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  1. Basically, this is it. The answer I've been looking for – even if it was not the one I was expecting.
  2. Since I don't want a machine to run a word processor, 3D intensive games AND graphics software – but JUST to run graphics software! – I don't think I'm asking for a "one size fits all" answer. But thanks anyway. And I apologize for bothering you. Thank you all for your time. António
  3. Thank you. This was the most helpful answer so far! (Y)
  4. I mentioned that the machine will also be used for vídeo editing, but its main goal is to run Affinity software.
  5. OK, simple question: given the same price, should I but a CPU with fewer cores but higher frequency rate or, ON THE CONTRARY, a CPU with more cores but slower frequency? This is the kind of question that I have been asking from the beginning. If you guys don't know the answer, no problem (I don't know it either!) but please don't pretend you are giving me specific advice, because you are not! António
  6. Again: I do appreciate your input, but what you are saying can be applied to any software - it is not specific to Affinity. I know how to build a powerful machine, with no "weak links". However, this is not when I built a PC to run Windows 95, when I had basically one or two options regarding CPUs and graphic cards were "Windows Accelerators". :-) We now can opt to buy a CPU with more cores but with less frequency (or vice-versa); we can spend as as little as 50€ or as much as 1,000€ on graphics; and we choose from 8, 16, 32 or even 64 (or more...) GB of RAM. So, as much as I can appreciate some generic tips, I'm here to get some (much more) specific advice. I just wished someone from Serif could jump into this thread - even if only to confirm what you are saying (which is, "we did not optimize our software for anything in particular, so just go crazy because more is always better")...
  7. Well, but that was one of my main questions - and still is. Look: there are games, for instance, that are specifically optimized to run on one, two or more cores. Even Photoshop has functions that take advantage of nVidia Quadro graphics boards (http://www.nvidia.com/object/adobe-photoshop-cc.html). I *really* appreciate all your input, but I would also *REALLY* liked to know this kind of stuff from the developers of Affinity. BR, António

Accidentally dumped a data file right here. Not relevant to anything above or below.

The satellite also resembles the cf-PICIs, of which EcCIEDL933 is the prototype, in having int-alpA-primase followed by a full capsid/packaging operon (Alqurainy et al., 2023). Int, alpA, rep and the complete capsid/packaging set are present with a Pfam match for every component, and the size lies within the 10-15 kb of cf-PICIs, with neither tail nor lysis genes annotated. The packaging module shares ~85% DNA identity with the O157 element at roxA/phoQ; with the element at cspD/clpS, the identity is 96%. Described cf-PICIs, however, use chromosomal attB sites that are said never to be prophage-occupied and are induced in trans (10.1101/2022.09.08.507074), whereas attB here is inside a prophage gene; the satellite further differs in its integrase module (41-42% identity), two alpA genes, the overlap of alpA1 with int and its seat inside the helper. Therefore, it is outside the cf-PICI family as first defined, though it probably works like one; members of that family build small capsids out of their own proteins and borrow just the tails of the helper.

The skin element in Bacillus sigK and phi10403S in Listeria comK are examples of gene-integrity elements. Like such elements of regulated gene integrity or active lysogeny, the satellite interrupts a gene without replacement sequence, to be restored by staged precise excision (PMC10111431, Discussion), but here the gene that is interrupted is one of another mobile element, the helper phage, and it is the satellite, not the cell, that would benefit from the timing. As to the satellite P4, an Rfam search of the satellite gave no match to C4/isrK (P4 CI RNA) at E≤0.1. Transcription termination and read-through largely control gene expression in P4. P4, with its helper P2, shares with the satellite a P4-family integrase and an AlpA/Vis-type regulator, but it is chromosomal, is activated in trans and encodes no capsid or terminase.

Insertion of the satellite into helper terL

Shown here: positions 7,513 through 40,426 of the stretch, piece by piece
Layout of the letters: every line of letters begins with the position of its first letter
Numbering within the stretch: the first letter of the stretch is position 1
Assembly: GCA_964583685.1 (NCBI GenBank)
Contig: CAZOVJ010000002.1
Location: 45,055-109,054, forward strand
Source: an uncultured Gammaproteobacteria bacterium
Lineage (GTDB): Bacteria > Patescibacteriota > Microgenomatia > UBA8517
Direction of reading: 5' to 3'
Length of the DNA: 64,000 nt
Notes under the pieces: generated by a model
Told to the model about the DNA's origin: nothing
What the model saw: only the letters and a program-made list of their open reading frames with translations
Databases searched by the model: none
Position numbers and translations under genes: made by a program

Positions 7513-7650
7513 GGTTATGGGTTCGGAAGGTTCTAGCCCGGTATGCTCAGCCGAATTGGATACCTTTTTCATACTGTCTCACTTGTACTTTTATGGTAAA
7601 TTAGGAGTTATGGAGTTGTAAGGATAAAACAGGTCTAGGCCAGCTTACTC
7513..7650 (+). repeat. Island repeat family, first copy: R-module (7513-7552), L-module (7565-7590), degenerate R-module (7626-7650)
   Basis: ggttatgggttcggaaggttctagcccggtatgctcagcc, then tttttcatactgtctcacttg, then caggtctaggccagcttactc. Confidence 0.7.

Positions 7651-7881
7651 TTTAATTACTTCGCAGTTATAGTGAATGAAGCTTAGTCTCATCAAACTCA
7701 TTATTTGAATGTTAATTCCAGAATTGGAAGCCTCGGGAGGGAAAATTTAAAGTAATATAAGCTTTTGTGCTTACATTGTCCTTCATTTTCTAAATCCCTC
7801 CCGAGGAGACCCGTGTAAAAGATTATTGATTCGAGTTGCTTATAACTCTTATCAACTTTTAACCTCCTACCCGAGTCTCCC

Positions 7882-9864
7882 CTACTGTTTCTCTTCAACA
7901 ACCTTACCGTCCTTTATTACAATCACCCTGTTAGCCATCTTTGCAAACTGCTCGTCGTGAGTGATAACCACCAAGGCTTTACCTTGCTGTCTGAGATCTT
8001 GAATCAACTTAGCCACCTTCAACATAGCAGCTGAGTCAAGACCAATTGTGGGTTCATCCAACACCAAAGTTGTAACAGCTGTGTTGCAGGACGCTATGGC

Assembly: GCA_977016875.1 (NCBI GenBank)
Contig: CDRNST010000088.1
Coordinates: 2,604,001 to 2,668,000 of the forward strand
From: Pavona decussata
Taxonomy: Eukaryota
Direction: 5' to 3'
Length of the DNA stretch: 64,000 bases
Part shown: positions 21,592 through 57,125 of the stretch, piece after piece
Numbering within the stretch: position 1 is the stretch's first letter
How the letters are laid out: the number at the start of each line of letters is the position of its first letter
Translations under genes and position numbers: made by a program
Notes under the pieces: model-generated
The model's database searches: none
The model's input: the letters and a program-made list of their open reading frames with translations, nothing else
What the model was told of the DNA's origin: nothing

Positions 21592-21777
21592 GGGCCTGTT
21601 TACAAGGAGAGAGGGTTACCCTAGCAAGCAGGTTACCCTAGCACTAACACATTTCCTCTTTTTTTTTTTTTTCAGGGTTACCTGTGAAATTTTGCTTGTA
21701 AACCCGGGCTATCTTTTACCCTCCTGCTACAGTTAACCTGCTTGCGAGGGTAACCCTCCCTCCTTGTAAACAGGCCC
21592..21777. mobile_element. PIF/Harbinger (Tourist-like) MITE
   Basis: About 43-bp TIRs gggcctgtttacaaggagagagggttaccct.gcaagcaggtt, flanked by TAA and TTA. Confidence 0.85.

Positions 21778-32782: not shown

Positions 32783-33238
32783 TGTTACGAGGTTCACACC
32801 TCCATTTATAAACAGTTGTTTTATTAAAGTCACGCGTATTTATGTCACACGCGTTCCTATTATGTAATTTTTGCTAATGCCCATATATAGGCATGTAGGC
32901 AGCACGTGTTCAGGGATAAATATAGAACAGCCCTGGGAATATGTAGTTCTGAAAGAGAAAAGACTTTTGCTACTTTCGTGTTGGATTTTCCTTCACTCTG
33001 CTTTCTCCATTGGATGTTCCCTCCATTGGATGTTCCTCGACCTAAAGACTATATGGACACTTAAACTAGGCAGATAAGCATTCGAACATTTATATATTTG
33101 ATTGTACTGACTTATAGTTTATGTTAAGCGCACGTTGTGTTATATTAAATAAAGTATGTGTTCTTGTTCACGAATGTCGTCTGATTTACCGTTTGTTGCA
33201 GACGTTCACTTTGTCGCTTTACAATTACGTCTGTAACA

8. Hi guys. I really appreciate your input. However, I still have the same questions! :-) Mainly: 1) Are Affinity apps are optimized for how many cores? 4? 6? 8? 2) Do Affinity apps take advantage of discrete GPUs? What is preferable, nVidia or AMD? Is the amount of RAM in the graphics card relevant? More than 2GB in the card is relevant? António
  9. Hi guys, a question I could not find anywhere: what are the most relevant hardware components to run Photo and Designer? Specifically: We all know an SSD is better than a HDD. But how much RAM should we use? The more the better, of course, but is there a limit above it is irrelevant? Such as 16GB, 32GB, 64GB…? Or more is always best? Regarding CPU. Affinity apps are optimized for how many cores? 4? 6? 8? The more the better? What is more relevant in terms of CPU – frequency or number of cores? Regarding graphics. Affinity apps take advantage of discrete GPUs? What is preferable, nVidia or AMD? Is the amount of RAM in the graphics card relevant (besides what is needed for a given screen resolution, such as 2K or 4K, of course)? More than 2GB in the card is relevant? The answer to these questions is greatly appreciated, since I’m about to custom-build a (Windows 10) machine to run Affinity software as well as a video editing tool, and the difference in specs can amount to several hundred euros difference according to the chosen componentes.
  10. aempress

    Introduce Yourself

    My name is António Marques. I run a small PR company (AEMpress) and I was looking a for some good "Photoshop-Like" tools. A photographer friend told me last year about the Affinity software (I know Serif from the DTP era...) and the timing was spot on: I immediately purchased Designer and, a couple of weeks later, Photo (both for Windows). The designer I hired came from an Adobe background, so to speak, but felt comfortable right away with both tools and has been extremely productive ever since. I’m *very* happy with the software and its tremendous feature/quality/price ratio. Keep up the good work. Greetings from Portugal, António

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